The safety is a small lever at the top right of the pistol grip, it pushes forward to FIRE and is set vertical for SAFE; much better than the AK’s huge and clunky design! The magazine release is at the rear/left of the mag well. Given the calibre feed is either from the standard, military VZ58 7.62x39 aluminium alloy mag (AK mag is not interchangeable) or a clear polymer unit in 222/223 Rem; all are available in 5, 10 and 30-shot options. There’s an automatic last round hold open, with manual override. The AR15 mag conversion offers a button-type release on the right and clips into the well.

story continues below...

  • VZ58 Rifle - image {image:count}

    click on image to enlarge

  • VZ58 Rifle - image {image:count}

    click on image to enlarge

  • VZ58 Rifle - image {image:count}

    click on image to enlarge

  • VZ58 Rifle - image {image:count}

    click on image to enlarge

  • VZ58 Rifle - image {image:count}

    click on image to enlarge

  • VZ58 Rifle - image {image:count}

    click on image to enlarge

The receiver is essentially open-topped with a small, pressed-steel dust cover at the rear. The bolt sits in a larger steel carrier with an integral cocking handle angled up to the right. It offers a clip-loading facility through the top of the carrier for 7.62x39 only.


Guns come from the box iron sights only; CSA offers a dedicated scope base that fits on the left of the receiver like the AKs and the classic L-shape mount with Picatinny rail. Near essential for most Brits, as glass will realise the gun’s full potential.

The Sporter feels good, trigger pull is a bit long with a 4-5lb break. In 223 the 1-7” twist is tight and might well do better with heavy bullets! The cocking handle is short and positioned at the front of the bolt carrier, and though accessible could do with being bigger and further back. Scott is working on a drop-back like that used on the AR15s. He can also supply left-handed bolt carriers, which I found ideal for iron sight use on what is a light rifle. However, they would not work well with a scope fitted!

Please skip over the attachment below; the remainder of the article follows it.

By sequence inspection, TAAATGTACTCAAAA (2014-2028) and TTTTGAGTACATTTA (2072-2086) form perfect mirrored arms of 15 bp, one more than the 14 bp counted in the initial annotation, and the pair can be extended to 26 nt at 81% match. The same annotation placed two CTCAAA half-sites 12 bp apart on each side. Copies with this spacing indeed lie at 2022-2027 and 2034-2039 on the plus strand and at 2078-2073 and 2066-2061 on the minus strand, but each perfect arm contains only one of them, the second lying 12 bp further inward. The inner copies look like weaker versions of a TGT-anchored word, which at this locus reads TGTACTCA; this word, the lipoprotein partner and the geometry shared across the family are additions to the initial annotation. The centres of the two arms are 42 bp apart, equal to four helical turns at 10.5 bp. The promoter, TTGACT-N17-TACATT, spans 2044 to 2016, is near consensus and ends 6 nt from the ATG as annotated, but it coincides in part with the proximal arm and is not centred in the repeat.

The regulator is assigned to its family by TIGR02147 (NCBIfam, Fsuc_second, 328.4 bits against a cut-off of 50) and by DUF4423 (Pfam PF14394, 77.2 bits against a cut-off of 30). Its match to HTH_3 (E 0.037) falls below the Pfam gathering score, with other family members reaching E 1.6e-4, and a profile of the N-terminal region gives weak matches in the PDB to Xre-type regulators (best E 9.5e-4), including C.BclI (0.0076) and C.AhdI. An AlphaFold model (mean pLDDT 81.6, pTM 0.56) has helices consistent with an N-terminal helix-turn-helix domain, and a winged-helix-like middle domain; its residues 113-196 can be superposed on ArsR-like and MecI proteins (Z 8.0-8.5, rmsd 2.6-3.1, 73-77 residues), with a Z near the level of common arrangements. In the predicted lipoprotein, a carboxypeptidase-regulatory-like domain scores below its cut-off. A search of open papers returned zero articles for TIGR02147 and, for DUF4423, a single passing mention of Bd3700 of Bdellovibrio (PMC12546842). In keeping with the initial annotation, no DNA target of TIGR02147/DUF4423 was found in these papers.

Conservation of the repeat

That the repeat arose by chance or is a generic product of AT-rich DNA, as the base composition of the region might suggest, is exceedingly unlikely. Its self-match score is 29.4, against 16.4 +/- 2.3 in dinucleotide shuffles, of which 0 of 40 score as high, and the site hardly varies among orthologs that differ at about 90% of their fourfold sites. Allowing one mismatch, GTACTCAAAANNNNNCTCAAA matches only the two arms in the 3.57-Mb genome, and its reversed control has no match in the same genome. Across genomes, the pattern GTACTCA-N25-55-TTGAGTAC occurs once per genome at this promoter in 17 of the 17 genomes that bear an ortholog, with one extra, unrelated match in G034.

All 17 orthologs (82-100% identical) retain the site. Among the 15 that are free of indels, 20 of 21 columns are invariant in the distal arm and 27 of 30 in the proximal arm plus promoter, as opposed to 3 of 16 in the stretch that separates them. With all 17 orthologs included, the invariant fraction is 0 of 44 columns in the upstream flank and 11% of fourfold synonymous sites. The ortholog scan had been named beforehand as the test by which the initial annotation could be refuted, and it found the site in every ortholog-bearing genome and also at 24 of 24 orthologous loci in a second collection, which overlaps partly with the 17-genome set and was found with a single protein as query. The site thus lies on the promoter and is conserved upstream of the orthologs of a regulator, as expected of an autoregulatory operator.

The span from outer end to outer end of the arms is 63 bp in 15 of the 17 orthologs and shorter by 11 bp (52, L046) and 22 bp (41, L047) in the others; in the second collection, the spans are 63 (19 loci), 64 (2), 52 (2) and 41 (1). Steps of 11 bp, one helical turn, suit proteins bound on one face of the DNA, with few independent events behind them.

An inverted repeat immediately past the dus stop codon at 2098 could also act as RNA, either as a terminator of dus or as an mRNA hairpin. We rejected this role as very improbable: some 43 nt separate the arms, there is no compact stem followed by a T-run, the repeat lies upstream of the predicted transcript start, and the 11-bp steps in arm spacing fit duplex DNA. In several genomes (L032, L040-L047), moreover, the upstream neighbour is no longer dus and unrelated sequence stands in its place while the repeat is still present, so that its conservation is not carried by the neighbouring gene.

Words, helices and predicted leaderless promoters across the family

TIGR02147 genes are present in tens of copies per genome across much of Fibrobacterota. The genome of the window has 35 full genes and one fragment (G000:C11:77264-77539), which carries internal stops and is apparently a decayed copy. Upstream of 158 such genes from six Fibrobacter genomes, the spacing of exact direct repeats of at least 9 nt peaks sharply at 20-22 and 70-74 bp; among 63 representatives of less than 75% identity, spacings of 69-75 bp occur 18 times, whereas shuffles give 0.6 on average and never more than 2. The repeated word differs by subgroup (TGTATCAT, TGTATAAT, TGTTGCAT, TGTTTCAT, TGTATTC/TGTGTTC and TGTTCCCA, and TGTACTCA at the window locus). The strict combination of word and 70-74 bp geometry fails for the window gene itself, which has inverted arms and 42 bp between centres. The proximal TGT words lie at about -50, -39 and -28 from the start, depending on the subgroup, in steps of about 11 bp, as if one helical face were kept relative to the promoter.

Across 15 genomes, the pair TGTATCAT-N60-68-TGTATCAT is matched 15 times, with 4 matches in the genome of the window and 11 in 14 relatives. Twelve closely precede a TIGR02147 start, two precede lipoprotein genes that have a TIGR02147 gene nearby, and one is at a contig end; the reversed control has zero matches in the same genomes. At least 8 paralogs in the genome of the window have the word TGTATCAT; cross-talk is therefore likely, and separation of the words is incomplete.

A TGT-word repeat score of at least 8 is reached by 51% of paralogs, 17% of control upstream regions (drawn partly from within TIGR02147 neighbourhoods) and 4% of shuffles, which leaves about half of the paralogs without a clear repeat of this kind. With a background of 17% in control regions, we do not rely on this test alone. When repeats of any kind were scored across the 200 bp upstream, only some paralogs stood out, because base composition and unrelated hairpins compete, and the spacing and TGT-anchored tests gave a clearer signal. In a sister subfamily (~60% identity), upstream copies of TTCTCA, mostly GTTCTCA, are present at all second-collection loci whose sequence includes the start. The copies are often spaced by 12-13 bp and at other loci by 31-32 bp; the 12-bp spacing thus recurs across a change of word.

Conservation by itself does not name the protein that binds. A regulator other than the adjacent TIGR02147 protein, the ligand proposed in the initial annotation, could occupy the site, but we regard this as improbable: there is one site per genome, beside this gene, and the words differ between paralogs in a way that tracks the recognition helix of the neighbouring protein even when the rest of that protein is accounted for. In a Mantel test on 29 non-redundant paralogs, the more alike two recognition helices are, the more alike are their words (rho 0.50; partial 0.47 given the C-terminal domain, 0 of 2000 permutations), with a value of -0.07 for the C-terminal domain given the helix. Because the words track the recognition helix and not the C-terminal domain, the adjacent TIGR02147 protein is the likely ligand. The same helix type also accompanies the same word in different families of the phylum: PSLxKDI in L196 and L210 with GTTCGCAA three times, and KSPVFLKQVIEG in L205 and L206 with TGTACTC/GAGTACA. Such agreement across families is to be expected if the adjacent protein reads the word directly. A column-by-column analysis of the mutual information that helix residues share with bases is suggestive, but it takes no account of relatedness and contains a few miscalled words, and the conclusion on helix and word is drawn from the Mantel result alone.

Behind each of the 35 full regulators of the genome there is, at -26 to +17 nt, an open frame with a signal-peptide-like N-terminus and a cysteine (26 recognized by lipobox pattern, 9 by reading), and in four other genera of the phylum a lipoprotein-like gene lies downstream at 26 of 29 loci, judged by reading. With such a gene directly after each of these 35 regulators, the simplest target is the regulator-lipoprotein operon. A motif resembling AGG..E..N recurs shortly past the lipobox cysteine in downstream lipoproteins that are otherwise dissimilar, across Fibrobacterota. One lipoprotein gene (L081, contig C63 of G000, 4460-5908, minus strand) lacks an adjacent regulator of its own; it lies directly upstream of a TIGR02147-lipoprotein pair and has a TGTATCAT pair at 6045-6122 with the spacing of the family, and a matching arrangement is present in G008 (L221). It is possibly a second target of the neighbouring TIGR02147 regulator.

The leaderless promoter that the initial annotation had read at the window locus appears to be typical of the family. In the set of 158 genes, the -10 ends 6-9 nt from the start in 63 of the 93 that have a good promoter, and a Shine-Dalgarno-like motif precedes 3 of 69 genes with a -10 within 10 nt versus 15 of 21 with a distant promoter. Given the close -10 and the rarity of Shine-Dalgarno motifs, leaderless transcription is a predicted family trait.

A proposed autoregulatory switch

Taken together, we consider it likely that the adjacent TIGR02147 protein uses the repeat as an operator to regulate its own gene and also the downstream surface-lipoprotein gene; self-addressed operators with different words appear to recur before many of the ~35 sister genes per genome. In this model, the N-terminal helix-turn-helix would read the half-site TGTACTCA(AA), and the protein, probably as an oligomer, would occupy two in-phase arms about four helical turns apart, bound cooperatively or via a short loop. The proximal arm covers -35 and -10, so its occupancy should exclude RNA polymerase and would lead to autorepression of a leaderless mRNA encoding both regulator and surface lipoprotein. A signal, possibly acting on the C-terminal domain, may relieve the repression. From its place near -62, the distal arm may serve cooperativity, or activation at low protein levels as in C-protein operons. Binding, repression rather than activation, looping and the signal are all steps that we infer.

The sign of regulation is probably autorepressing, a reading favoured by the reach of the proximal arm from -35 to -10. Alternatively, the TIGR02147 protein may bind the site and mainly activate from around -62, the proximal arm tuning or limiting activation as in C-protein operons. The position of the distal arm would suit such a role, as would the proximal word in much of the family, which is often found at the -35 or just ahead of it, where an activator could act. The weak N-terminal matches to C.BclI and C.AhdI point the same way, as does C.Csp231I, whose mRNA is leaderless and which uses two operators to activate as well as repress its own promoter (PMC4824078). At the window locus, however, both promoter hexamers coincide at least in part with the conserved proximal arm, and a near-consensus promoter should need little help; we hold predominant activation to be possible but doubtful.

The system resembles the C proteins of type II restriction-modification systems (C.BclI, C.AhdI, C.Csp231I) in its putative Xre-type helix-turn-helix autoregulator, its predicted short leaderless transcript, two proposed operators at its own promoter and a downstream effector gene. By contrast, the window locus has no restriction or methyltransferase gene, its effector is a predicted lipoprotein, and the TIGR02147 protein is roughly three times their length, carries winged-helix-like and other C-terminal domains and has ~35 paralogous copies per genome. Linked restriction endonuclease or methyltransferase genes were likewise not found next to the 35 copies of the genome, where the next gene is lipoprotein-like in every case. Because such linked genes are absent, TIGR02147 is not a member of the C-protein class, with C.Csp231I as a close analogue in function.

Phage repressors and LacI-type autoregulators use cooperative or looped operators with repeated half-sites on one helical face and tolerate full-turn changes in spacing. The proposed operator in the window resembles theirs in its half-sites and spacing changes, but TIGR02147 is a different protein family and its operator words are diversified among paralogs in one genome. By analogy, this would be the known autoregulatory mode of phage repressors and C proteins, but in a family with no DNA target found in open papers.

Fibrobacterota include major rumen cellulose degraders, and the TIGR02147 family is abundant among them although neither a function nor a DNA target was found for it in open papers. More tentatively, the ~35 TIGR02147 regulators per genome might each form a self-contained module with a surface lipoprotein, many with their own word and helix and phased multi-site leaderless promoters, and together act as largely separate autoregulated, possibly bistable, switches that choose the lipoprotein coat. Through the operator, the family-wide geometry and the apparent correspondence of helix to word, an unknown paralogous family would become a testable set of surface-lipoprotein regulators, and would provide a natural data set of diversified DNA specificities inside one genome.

The scope mount is generally a tad high but allows field stripping and the use of iron sights; the Sporter stock handled it fine with its tiny comb, likewise the adjustable comb of the folder. However the mount reaches back and does not give ideal eye relief, it works but a reach-forward design would be better!


Scott supplied 122-grain 7.62x39 ammo from Wolf, and what looked like Russian military (probably Tula Arsenal), all had lacquered steel cases, as did some Barnaul 223 plus some S&B 223 with brass cases (both 55-grain). To this I added PPU 7.62 (123-grain) and 223 (55-grain) plus some 63-grain GECO Target and Hornady 60 and 75-grain TAP FPD and my own 69-grain reloads using Sierra BTHP Match Kings. I figured the 1-7” twist would suit the heavier stuff better! I fitted a Kahles 6-42 Helia C for accuracy testing. Operation is simple, slap in the mag, reach forward and cycle the action.

Starting with the Sporter (223) it soon became clear its 1-7” twist liked heavy bullets. The 55, 60 and 63-grain loads gave wide clusters shrinking from 8 to 4” accordingly. My 69-grain reloads finally found the sweet spot printing 1” @ 100m; not bad!  The 75-grain Match did not shoot as well as the 69s, giving an average of 2”. One aspect became apparent the trigger pull was very long with little indication of when it was going to release. This did not help, though Scott told me he’s working on an upgrade.